25OH-Vitamin D3 Levels in Obesity and Metabolic Syndrome—Unaltered in Young and not Correlated to Carotid IMT in All Ages

Author(s): Harald Mangge, Sieglinde Zelzer, Andreas Meinitzer, Ingeborg Stelzer, Wolfgang J. Schnedl, Daniel Weghuber, Dietmar Fuchs, Teodor T. Postolache, Elmar Aigner, Christian Datz, Eva Z. Reininghaus

Journal Name: Current Pharmaceutical Design

Volume 21 , Issue 17 , 2015

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Contradictory results exist for levels of vitamin D measured in patients with cardiovascular disease (CVD), obesity and metabolic syndrome (MetS). To clarify this, we investigated 527 participants of the STYJOBS/ EDECTA cohort (NCT00482924), with ages between 10 and 65 years. A cross-sectional analysis of anthropometry, carotid intima media thickness (IMT), and laboratory measurements for 25OH-Vitamin D3 (vitD), glucose metabolism, ultra-sensitive C-reactive protein (US-CRP), interleukin-6 (IL-6), lipids, liver-, renal-parameters, and kynurenine to tryptophan ratio were made for a selection of persons who were either obese or of normal weight. The homeostasis model assessment insulin resistance (HOMA) was also measured. As compared to the normal weight controls, significantly decreased blood levels of vitD were found in overweight/obese adults, which were not observed in the juveniles. Nevertheless, both overweight/obese juveniles and adults had significantly increased US-CRP, IL-6, HOMA, triglyceride, and LDL-cholesterol levels, and significantly decreased HDL-cholesterol levels. Juveniles with MetS displayed unchanged levels of vitD as compared to overweight/obese juveniles without MetS. Although IMT was significantly increased in both juvenile and adult overweight/obese subjects, vitD and IMT levels were not correlated. Assuming a minimum threshold of 20 ng/ml for the establishment of “low” or “normal” vitD levels, no significant alteration in IMT, metabolic, and inflammatory markers was observed in juveniles with a low vitD-status . In conclusion, although metabolic and inflammatory symptoms of obesity are displayed in juveniles, their vitD levels are unaffected. This, together with the complete lack of association with carotid IMT in both juveniles and adults, argues against a causative role of vitD in obesity-associated vascular pathology.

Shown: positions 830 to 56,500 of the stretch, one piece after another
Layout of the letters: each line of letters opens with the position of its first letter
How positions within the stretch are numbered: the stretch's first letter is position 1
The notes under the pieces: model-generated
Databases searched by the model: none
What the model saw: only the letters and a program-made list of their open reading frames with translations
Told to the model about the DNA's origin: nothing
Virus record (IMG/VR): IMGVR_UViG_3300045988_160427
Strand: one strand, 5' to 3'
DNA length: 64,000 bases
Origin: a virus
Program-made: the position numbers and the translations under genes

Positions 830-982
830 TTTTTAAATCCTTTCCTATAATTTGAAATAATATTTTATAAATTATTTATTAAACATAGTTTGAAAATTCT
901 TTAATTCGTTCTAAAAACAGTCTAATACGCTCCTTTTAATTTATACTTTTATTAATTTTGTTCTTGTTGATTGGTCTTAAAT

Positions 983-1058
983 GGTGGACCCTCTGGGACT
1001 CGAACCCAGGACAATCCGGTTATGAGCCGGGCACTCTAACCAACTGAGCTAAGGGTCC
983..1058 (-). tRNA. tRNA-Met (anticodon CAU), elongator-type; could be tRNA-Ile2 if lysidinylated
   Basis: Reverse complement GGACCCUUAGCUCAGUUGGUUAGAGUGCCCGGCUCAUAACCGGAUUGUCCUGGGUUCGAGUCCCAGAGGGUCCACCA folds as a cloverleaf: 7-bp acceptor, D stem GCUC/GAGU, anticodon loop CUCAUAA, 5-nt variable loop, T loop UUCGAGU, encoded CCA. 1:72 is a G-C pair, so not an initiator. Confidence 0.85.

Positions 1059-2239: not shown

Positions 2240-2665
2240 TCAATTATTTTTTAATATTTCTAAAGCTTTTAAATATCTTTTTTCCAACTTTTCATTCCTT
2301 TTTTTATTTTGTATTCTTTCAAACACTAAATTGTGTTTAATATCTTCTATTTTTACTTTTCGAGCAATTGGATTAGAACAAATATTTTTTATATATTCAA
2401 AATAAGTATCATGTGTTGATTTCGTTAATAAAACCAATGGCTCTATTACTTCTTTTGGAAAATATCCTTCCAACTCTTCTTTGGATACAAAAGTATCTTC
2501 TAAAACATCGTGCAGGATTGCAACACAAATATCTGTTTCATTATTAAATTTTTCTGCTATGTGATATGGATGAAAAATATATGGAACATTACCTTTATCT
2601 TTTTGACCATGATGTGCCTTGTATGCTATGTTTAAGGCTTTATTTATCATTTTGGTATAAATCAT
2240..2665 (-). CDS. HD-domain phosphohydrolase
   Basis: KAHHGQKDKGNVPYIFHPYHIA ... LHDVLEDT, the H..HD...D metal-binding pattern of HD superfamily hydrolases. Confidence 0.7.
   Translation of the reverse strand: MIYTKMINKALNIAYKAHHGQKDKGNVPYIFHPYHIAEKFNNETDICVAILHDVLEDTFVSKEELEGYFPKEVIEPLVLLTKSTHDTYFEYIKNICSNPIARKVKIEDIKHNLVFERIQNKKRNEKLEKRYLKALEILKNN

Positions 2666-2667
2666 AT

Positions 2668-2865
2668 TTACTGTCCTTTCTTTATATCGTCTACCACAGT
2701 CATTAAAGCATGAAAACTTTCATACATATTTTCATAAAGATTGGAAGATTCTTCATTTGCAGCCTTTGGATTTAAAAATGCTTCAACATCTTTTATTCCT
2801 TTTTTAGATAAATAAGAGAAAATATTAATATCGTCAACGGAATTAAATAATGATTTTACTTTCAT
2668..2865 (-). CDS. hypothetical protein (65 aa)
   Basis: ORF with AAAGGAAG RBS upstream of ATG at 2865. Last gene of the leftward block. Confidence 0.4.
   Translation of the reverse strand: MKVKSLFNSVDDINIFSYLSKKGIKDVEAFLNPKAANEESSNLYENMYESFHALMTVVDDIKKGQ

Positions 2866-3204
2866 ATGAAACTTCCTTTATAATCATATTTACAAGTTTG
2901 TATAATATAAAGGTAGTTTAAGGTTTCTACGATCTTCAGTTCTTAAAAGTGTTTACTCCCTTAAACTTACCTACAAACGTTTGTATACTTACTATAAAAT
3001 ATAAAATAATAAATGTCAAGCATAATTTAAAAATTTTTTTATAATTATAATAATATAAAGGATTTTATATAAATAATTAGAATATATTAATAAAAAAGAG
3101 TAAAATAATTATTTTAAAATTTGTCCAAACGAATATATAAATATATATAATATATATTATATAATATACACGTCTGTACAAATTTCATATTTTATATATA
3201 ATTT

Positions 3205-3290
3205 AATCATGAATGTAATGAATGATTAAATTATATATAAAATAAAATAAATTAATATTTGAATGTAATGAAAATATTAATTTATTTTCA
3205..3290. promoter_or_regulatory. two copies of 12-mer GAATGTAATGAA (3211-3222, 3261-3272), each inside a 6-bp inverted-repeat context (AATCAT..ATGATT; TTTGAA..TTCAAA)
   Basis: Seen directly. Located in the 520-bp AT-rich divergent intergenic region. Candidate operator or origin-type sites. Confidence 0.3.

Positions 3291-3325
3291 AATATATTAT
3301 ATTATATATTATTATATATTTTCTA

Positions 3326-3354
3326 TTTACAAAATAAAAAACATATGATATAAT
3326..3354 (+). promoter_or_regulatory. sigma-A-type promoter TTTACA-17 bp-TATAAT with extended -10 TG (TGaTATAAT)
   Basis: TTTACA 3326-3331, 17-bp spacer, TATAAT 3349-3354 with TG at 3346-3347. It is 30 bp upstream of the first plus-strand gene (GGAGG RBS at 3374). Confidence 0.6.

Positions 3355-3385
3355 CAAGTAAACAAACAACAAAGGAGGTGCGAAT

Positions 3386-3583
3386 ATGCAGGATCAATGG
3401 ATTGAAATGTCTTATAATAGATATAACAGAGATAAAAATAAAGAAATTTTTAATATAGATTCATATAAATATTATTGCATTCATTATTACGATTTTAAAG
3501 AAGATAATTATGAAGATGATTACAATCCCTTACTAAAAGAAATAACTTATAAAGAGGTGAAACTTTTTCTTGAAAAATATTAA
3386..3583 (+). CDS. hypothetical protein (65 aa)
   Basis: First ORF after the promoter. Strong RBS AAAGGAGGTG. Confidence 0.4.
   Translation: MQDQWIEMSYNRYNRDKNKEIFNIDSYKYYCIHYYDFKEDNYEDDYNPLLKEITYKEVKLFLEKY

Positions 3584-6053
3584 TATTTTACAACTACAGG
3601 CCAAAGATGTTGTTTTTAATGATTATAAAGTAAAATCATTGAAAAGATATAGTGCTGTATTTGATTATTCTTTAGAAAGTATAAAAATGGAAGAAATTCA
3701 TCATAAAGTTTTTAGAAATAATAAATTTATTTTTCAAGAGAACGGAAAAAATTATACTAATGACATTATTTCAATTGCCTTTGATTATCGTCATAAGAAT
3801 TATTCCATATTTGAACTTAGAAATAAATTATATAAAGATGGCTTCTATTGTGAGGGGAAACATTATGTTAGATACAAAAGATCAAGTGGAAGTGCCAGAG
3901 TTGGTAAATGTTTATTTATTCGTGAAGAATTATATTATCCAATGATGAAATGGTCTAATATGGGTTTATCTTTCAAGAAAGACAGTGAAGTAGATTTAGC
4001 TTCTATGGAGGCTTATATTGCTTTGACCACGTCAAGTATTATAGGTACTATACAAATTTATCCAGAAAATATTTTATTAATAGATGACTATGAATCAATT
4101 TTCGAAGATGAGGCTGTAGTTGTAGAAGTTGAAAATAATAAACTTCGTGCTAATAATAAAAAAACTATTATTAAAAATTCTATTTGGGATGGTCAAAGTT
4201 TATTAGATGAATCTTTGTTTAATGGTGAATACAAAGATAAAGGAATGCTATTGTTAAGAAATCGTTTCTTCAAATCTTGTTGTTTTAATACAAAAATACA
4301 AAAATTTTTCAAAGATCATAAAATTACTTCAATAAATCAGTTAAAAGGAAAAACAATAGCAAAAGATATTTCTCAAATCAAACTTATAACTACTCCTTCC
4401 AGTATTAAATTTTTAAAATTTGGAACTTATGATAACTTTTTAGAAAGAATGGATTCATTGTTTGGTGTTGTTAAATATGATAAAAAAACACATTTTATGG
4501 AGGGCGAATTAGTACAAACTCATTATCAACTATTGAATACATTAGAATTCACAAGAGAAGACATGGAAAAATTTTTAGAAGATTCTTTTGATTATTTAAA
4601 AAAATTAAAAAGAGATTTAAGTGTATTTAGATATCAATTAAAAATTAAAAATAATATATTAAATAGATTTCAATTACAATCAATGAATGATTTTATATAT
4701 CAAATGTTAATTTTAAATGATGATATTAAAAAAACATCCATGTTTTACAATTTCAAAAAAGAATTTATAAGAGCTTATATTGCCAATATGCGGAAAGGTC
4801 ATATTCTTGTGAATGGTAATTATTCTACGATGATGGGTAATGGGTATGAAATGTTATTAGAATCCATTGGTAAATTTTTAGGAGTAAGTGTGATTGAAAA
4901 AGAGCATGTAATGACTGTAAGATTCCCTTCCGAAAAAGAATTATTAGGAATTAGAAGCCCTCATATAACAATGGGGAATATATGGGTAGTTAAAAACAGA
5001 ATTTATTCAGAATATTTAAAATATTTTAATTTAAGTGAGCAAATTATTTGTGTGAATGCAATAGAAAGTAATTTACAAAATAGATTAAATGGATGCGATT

Keywords: Vitamin D, metabolic syndrome, juveniles, adults, preatherosclerosis.

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Article Details

Year: 2015
Page: [2243 - 2249]
Pages: 7
DOI: 10.2174/1381612821666150105160931
Price: $65

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